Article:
It’s 1991 all over again! We’re at the Hacienda, dancing furiously to the Happy Mondays and their curious rock/dance hybrid. Well, maybe not, but certainly it is for San Francisco-based post-punk band The Rapture and their eclectic second album shows this. However, whilst the Mondays sang about drugs, sex and their Manchester council estate lives, The Rapture sing about much more emotional and intelligent issues; predominantly, love. The wife of singer/guitarist Luke Jenner must be one happy lady. The other Rapture members- Mattie Safer, Gabriel Andruzzi and Vito Roccoforte- must also be pretty heavily smitten, with a large proportion of the songs dedicated to the subject. The type of music varies wildly from song to song, from bleeping techno to saxophone-led slow jams. The sheer variety of this album is one of its very strongest points- the album could have appeared schizophrenic and confused, but instead the songs are remarkably diverse. The Rapture have a very specific sound, helped in part by the truly great production of the super ‘hip’ DFA, based in New York. The sound is predominantly lo-fi, verging on ‘recorded in a cupboard on a Dictaphone’ territory, and yet it feels right, you wouldn’t have it any other way. In a time where albums are often overproduced it really is a breath of fresh air. Even during some of the more upbeat moments, the romanticism of the songwriters pokes through the songs like a mole poking around the soil, looking for grubs. I know full well that’s a bad simile, but I don’t care. I like moles.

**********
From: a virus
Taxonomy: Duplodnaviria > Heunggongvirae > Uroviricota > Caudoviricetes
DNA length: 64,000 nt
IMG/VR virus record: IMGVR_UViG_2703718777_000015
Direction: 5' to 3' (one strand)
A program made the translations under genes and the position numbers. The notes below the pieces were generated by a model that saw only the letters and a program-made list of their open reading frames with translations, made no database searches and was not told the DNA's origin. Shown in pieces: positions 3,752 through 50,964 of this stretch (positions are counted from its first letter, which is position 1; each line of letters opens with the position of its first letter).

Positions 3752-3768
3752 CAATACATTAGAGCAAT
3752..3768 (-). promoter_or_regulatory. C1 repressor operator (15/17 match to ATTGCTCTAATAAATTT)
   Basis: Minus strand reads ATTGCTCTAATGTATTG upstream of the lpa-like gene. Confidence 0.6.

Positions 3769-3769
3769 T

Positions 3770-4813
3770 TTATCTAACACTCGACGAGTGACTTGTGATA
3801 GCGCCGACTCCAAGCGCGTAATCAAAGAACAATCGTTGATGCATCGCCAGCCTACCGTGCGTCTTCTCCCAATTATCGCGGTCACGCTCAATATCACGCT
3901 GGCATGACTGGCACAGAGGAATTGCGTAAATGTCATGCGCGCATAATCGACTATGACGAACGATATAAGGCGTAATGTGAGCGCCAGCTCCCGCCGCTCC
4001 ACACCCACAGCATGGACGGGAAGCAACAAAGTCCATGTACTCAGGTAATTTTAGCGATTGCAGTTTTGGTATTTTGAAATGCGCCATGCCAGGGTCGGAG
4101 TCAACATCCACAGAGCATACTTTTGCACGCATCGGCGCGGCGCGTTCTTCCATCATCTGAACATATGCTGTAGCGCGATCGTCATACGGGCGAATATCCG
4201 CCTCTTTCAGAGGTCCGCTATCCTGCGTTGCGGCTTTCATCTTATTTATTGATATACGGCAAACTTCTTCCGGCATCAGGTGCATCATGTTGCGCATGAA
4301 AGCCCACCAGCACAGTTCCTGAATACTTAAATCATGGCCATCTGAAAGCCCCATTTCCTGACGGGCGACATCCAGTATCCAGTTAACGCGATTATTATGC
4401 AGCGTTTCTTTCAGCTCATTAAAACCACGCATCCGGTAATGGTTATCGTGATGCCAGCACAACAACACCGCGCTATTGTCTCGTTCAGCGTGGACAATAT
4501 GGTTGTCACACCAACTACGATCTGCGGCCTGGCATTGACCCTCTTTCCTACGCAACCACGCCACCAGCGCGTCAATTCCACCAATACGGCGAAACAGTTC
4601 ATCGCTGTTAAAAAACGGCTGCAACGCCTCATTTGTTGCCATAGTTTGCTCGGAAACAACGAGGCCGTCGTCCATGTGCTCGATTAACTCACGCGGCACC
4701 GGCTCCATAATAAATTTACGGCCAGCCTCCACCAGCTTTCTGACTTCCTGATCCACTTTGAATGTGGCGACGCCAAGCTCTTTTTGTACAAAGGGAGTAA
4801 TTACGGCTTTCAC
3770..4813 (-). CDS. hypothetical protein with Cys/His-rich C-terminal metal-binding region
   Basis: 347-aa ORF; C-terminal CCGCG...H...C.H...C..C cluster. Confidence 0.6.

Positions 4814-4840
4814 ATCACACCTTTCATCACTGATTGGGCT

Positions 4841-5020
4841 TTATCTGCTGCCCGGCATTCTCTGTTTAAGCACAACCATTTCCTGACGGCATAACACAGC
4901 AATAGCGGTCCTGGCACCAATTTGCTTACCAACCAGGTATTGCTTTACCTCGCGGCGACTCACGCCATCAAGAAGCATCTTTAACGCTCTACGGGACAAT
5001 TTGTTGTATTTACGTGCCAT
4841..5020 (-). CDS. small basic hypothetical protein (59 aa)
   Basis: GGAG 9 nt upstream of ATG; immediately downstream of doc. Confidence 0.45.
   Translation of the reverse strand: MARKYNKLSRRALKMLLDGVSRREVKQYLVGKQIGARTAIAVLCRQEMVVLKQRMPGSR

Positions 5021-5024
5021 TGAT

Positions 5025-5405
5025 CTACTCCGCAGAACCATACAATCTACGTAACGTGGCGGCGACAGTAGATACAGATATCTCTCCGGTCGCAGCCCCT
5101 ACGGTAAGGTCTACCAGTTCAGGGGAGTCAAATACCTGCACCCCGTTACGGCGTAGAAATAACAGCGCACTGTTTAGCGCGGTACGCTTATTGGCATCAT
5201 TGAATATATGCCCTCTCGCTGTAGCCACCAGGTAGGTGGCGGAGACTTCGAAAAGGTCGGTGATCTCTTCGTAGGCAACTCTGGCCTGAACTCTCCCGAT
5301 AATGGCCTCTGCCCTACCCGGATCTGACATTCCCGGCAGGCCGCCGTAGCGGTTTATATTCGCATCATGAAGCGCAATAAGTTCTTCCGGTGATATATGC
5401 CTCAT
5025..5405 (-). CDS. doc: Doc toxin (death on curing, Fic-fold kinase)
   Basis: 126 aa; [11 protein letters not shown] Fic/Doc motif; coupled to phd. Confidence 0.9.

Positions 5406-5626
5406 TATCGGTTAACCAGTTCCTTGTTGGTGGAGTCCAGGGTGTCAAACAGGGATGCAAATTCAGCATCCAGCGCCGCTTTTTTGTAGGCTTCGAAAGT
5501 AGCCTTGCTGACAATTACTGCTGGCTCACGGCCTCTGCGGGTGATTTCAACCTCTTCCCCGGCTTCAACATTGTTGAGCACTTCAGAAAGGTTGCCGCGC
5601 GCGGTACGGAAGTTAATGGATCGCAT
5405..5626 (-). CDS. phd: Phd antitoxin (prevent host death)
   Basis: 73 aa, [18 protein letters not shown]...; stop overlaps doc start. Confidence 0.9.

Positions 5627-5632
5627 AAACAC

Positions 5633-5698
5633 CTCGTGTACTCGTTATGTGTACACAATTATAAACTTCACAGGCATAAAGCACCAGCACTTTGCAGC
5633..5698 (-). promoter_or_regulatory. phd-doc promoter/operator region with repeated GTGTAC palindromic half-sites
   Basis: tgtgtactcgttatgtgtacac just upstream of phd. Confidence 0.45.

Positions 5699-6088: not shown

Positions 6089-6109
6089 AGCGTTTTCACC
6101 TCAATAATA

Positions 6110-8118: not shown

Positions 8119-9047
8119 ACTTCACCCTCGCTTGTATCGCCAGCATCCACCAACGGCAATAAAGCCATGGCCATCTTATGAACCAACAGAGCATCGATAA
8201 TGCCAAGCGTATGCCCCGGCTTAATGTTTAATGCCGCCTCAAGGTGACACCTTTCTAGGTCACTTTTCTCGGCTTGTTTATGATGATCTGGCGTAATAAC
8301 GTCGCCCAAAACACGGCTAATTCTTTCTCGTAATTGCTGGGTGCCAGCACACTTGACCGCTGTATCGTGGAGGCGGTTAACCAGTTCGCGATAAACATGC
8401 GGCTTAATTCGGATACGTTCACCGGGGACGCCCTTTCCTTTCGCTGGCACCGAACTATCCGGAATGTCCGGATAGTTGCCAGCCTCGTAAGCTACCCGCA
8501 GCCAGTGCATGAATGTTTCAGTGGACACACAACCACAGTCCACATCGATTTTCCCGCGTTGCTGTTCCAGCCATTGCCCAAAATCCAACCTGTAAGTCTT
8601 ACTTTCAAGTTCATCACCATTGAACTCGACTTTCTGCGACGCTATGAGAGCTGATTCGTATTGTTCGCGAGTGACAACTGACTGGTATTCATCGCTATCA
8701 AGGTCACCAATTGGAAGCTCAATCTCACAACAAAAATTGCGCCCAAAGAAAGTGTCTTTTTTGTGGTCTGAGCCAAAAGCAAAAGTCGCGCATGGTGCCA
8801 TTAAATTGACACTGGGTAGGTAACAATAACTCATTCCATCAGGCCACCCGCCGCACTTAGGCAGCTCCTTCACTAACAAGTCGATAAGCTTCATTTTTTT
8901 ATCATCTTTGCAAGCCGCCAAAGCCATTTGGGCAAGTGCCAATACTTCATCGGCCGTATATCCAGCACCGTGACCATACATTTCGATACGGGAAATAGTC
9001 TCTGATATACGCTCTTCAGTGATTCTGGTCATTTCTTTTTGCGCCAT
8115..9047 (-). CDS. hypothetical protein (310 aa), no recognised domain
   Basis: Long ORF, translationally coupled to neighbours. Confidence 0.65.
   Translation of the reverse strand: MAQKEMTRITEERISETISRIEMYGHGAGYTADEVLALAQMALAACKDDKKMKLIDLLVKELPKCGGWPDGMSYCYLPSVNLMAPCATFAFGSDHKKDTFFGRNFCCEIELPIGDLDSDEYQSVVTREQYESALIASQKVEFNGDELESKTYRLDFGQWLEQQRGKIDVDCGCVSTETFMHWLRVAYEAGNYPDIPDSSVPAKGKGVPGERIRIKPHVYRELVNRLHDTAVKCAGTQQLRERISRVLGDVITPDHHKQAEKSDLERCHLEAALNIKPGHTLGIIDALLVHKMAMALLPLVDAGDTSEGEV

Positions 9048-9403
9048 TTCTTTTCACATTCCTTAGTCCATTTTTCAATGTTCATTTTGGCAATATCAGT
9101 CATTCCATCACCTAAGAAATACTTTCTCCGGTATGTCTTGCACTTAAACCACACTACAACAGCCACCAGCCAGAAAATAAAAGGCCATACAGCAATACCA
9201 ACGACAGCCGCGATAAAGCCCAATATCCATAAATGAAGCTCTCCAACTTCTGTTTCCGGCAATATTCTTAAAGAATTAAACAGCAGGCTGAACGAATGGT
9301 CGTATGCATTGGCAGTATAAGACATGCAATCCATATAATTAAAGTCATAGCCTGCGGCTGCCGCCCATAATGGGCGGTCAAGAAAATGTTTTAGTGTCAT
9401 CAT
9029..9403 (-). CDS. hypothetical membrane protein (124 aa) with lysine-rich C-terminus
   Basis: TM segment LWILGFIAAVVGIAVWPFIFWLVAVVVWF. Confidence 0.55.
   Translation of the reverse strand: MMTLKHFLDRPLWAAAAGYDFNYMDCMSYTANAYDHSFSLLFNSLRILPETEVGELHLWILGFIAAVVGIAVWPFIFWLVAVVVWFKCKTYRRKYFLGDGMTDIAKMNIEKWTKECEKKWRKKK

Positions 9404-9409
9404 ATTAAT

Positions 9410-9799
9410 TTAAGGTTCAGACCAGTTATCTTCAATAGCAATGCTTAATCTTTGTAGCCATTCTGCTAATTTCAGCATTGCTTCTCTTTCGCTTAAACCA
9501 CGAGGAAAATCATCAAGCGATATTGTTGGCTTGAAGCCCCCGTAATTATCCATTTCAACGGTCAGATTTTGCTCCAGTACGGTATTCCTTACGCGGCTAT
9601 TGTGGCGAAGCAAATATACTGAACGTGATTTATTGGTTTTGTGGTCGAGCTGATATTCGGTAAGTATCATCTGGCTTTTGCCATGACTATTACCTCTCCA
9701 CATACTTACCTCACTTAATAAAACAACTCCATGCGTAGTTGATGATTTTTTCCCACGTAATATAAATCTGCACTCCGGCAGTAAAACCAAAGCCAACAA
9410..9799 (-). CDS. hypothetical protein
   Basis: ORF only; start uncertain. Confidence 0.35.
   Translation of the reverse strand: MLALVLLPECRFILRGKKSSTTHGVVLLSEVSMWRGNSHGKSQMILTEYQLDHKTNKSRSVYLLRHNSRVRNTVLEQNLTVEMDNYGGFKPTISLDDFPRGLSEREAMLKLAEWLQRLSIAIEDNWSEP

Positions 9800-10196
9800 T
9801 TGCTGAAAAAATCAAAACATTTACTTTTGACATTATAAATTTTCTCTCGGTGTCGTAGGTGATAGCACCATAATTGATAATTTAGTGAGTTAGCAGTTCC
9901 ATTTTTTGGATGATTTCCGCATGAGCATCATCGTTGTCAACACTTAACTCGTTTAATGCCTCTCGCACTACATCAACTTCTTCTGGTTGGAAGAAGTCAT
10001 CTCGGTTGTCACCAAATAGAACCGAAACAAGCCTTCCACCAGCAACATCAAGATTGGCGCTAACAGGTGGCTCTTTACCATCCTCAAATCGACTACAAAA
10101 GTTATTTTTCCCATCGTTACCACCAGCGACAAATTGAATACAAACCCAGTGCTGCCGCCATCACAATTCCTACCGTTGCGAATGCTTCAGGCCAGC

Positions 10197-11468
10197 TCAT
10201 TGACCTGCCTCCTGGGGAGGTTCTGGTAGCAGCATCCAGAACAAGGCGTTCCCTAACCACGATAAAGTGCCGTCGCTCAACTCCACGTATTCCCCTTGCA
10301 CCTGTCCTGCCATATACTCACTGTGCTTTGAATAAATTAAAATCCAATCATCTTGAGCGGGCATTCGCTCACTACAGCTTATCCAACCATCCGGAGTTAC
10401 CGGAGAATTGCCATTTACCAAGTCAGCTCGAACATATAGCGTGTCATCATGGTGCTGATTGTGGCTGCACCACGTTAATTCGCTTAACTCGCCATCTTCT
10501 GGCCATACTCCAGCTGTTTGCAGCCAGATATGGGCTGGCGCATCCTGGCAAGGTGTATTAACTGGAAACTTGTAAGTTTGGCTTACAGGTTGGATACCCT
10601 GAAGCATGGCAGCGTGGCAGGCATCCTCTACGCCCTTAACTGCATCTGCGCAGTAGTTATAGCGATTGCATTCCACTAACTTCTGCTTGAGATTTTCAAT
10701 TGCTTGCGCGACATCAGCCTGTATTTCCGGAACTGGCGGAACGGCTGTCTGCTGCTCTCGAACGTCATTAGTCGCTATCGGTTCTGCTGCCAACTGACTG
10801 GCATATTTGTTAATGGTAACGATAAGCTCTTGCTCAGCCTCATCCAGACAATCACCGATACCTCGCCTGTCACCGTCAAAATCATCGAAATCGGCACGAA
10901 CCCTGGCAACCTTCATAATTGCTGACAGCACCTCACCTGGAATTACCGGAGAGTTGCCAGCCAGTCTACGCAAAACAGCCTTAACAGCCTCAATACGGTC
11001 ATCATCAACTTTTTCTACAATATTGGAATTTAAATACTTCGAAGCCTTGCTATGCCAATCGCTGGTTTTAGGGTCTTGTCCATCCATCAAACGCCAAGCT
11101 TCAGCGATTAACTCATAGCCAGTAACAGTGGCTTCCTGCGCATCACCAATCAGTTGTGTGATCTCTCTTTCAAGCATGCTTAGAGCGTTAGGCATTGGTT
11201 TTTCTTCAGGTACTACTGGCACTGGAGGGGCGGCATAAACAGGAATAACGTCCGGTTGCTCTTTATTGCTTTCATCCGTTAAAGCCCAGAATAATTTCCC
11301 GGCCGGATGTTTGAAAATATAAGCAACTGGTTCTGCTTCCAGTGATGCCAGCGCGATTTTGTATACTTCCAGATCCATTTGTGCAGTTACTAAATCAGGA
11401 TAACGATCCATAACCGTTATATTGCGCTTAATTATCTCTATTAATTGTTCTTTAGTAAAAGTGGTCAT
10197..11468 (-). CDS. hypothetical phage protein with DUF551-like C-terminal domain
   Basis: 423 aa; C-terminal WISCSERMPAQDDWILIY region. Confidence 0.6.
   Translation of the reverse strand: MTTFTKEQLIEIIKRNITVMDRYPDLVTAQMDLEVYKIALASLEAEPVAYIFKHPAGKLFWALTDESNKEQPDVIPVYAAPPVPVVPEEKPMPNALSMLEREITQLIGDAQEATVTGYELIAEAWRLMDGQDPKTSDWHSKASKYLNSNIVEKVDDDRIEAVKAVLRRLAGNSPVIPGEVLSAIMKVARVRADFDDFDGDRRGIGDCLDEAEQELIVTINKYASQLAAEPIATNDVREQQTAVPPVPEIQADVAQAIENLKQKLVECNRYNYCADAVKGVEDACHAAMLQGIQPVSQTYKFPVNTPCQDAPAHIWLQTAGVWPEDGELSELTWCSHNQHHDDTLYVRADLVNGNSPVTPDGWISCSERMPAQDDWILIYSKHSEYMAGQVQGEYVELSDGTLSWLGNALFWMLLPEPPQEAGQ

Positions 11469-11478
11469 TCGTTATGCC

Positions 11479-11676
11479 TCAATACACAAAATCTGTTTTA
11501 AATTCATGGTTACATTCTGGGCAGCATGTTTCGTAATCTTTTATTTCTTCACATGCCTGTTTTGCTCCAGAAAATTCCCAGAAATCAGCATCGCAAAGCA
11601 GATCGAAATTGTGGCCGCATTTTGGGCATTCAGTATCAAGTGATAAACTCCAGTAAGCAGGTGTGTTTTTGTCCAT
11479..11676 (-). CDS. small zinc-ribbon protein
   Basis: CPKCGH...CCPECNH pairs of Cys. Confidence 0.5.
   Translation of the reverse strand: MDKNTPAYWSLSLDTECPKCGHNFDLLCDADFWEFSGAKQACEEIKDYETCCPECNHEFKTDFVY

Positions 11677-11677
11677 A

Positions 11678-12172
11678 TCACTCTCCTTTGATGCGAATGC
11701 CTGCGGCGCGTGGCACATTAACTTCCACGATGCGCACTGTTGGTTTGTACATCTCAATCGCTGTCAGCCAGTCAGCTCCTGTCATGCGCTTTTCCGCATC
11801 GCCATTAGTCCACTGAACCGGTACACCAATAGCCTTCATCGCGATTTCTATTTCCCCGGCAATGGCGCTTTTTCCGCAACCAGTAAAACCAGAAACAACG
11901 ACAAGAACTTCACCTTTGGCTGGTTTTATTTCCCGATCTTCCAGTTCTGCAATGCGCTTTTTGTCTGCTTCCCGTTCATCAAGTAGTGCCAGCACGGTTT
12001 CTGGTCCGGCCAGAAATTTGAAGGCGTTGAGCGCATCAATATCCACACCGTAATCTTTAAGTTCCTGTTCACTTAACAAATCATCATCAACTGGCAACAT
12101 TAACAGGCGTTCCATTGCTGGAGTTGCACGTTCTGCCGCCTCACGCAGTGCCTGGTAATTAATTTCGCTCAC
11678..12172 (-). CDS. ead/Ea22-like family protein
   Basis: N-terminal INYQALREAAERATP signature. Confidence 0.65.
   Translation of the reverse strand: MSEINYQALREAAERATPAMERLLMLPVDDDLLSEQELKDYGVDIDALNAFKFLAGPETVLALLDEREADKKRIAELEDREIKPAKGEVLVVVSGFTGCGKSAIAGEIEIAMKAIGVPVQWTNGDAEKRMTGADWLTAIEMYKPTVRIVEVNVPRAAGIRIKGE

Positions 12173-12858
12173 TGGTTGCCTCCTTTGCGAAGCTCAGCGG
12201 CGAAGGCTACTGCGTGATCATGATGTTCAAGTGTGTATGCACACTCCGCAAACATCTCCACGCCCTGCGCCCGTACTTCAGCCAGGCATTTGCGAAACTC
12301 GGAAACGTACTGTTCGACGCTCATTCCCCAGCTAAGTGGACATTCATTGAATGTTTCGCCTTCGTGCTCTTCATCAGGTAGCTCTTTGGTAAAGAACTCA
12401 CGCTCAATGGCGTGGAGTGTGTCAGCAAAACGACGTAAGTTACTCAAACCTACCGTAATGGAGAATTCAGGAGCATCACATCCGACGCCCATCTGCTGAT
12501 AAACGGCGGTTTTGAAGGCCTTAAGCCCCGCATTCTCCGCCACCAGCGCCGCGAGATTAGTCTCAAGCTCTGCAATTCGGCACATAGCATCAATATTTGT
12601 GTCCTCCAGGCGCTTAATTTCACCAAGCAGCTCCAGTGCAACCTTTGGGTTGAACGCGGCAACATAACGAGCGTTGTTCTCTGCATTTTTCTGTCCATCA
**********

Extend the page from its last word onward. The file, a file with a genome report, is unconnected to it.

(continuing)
Opening track “Olio” sounds like Aphex Twin in a moment of rare cohesion, with Jenner’s paranoid, occasionally spooky lyrics; “Trapped in my thoughts / You repeating like a machine gun” – making a disorientating opening, to say the least. This confusion is reinforced with the discordant, strident opening of “Heaven,” sounding like a hallucinating Captain Beefheart trapped in your heart. The A Capella bridge is like cold water being thrown on you, awakening you from the trance. Unfortunately you are plunged straight back into this stupor by the minimalist swing of “Open Up Your Heart.” An album highlight, one could visualize an old couple slow-dancing into the night to this ethereal masterpiece of piano-led beauty. First single “House of Jealous Lovers” is a disco banger that is guaranteed to get the club moving, and reinforces the fact that the cowbell is the coolest musical instrument EVER. Title track “Echoes” is also a beauty, with walking bass and cowbell solo adding up to sheer punk-funk brilliance. “Sister Saviour” at the same time is an echoing work of disco perfection, with surrealist lyrics; “Last night I had a dream / A warm field with strawberries and cream” over Mattie Safer’s synthesized bass. “Love Is All” is just that, a ramshackle journey through the trials and tribulations of love and how it makes everything else outside of it insignificant. The accordion use is outstanding, and that is a compliment I do not give lightly. Lastly, “Infatuation” is a fuzzy rumble through the darker corners of the subconscious that leads to a disturbing and harrowing finish. Whew.
All in all, there is something in this record for everyone. Whether you’re in the mood to boogie on down to “House of Jealous Lovers,” pull your best Travolta-isms to “Sister Saviour” or jerk spasmodically to “I Need Your Love,” this record caters to your every whim. The main problem with this record however is the often-sharp change of mood that accompanies the many genres cycled through. First time listeners may be disorientated by these rapid changes and the gloriously ramshackle production, but with repeated listens, you’ll love it.